However, there is no doubt his prose can be arresting and his knowledge of Mexico deep. He has embraced with vigor the daunting task of writing about a complicated country that has been so heavily analyzed before. He conveys the vitality, fortitude and rebelliousness of the Mexican people. Most readers will come away from this book with a far deeper insight than they had before.
The Summer Isles: A Voyage of the Imagination
Preoccupied with the spirit of place, Philip Marsden sets out on a personal quest to reach some remote islands off the northwest coast of Scotland. For years, the Summer Isles have shimmered in his imagination, since deciding as a young man to visit them with a beloved aunt who was killed in a climbing accident before they could realize their plan. He combines this longed-for destination with a dream to sail solo on his newly acquired 31-foot wooden boat Tsambika from his family home in Cornwall, even though he has never undertaken a single-handed sailing journey before.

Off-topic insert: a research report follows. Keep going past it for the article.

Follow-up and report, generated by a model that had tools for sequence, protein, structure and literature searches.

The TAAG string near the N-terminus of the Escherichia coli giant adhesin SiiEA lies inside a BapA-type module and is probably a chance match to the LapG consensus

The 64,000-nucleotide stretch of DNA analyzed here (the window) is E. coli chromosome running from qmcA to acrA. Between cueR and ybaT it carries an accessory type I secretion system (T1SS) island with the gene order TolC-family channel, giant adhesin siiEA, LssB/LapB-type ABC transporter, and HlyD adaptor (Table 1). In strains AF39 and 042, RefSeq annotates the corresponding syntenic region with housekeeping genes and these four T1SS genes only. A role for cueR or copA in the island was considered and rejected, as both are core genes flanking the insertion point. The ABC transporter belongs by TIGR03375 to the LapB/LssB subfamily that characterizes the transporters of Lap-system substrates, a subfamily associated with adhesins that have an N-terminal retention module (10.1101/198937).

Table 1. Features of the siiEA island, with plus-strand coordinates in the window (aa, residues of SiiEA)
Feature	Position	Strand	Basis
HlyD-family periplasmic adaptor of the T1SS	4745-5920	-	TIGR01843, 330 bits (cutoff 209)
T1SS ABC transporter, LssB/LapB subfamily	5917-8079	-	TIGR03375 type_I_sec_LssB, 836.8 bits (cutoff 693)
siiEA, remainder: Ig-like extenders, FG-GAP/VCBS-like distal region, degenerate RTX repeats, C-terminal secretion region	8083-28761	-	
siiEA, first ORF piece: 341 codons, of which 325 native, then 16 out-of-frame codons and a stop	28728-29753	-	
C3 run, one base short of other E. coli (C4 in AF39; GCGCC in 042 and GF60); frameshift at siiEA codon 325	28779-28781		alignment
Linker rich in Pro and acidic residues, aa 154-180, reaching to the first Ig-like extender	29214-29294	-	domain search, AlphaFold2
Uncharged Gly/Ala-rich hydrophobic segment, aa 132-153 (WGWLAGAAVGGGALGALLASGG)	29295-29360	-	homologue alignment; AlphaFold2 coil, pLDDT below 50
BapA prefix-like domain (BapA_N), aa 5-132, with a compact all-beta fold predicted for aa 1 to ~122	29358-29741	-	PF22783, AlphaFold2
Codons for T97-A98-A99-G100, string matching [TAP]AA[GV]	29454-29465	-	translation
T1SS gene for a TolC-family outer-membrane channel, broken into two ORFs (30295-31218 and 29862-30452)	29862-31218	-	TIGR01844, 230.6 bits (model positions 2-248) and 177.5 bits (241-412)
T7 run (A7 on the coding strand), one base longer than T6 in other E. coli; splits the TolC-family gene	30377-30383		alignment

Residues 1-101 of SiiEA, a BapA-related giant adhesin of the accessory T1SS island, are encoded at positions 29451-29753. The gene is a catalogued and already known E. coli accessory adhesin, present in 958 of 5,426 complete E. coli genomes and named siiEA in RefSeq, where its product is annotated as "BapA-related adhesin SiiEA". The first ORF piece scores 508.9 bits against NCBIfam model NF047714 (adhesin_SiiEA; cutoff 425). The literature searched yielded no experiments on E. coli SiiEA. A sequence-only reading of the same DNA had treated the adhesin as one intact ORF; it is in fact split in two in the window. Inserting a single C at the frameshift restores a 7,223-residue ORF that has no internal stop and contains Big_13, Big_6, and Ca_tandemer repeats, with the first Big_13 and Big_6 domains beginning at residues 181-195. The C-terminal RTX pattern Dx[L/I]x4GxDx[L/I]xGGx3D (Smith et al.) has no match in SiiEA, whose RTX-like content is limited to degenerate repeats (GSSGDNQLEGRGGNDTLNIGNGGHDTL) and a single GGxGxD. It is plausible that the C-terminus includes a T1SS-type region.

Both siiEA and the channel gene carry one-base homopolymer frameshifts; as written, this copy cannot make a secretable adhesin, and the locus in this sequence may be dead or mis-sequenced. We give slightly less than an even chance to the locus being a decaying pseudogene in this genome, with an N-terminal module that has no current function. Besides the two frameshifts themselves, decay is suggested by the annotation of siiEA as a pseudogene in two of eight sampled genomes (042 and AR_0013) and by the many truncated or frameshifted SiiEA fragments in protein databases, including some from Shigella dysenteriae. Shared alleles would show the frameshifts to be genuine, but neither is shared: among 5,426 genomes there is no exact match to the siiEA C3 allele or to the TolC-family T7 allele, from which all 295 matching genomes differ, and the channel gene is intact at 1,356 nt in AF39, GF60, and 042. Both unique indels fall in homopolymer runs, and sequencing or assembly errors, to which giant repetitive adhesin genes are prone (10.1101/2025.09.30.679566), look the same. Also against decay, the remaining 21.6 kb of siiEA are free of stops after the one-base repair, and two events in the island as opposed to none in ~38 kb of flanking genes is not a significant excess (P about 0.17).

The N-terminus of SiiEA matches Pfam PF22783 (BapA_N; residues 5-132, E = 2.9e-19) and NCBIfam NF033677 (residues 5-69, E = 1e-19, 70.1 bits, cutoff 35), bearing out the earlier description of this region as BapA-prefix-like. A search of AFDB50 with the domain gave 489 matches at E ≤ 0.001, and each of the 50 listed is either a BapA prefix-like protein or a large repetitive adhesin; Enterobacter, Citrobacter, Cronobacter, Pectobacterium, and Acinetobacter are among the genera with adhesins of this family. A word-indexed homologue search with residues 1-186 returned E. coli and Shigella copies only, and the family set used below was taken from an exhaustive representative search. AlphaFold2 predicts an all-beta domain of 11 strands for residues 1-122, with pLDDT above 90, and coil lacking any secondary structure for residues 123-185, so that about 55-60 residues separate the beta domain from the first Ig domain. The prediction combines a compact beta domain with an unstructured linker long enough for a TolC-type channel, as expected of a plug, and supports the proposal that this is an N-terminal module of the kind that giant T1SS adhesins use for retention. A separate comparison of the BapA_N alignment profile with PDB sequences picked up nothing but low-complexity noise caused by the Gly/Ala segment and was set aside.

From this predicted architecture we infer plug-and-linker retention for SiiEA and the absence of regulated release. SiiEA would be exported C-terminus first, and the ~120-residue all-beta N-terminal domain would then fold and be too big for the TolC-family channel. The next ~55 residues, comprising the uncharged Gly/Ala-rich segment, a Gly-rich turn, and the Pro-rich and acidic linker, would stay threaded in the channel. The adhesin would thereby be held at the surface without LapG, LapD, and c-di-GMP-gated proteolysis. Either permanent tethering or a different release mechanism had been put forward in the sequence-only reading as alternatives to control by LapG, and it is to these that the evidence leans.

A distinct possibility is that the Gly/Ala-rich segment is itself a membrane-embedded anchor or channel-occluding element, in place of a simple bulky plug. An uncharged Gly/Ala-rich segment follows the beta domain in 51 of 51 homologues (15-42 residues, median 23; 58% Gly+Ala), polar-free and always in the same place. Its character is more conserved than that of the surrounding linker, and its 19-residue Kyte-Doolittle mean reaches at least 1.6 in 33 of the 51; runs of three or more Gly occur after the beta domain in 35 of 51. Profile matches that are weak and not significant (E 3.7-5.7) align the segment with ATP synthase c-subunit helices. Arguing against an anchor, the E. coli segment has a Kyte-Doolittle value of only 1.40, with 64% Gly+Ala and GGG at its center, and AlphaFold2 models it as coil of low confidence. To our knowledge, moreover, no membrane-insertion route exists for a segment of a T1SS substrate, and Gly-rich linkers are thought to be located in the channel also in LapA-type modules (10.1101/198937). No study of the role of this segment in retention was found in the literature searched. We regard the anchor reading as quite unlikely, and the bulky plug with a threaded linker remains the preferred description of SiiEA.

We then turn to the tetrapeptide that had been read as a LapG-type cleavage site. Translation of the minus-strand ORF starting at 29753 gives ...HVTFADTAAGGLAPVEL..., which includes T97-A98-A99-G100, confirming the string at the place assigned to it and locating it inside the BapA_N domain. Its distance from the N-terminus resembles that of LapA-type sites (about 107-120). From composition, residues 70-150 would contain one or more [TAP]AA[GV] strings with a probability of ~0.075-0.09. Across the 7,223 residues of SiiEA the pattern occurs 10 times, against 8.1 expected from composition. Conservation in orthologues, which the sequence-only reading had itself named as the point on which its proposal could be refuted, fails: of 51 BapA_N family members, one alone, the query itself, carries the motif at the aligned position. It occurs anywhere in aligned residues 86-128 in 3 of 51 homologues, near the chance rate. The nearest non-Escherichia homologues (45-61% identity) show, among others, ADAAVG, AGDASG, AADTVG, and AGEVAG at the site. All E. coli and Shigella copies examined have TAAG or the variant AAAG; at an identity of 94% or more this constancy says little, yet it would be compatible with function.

The book opens with a vision-cum-optical illusion out at sea which reads a bit like the laudanum dream of a Romantic poet. Perhaps to enjoy this book you need a more romantic cast of mind than I have, and an ability to appreciate the mysterious and mystical. For the author, "places are never just places; they are story and myth and belief." He sails in search of places where the gauze between this world and what he calls the otherworld is at its most transparent. Therefore he savors the Isle of Skye with its Fairy Bridge and Fairy Knoll and Cave of Fairies. The narrative is peppered with poems and ancient Celtic legends about magical places with daunting Old Irish names like Tir naÓg and characters like Cú Chulainn.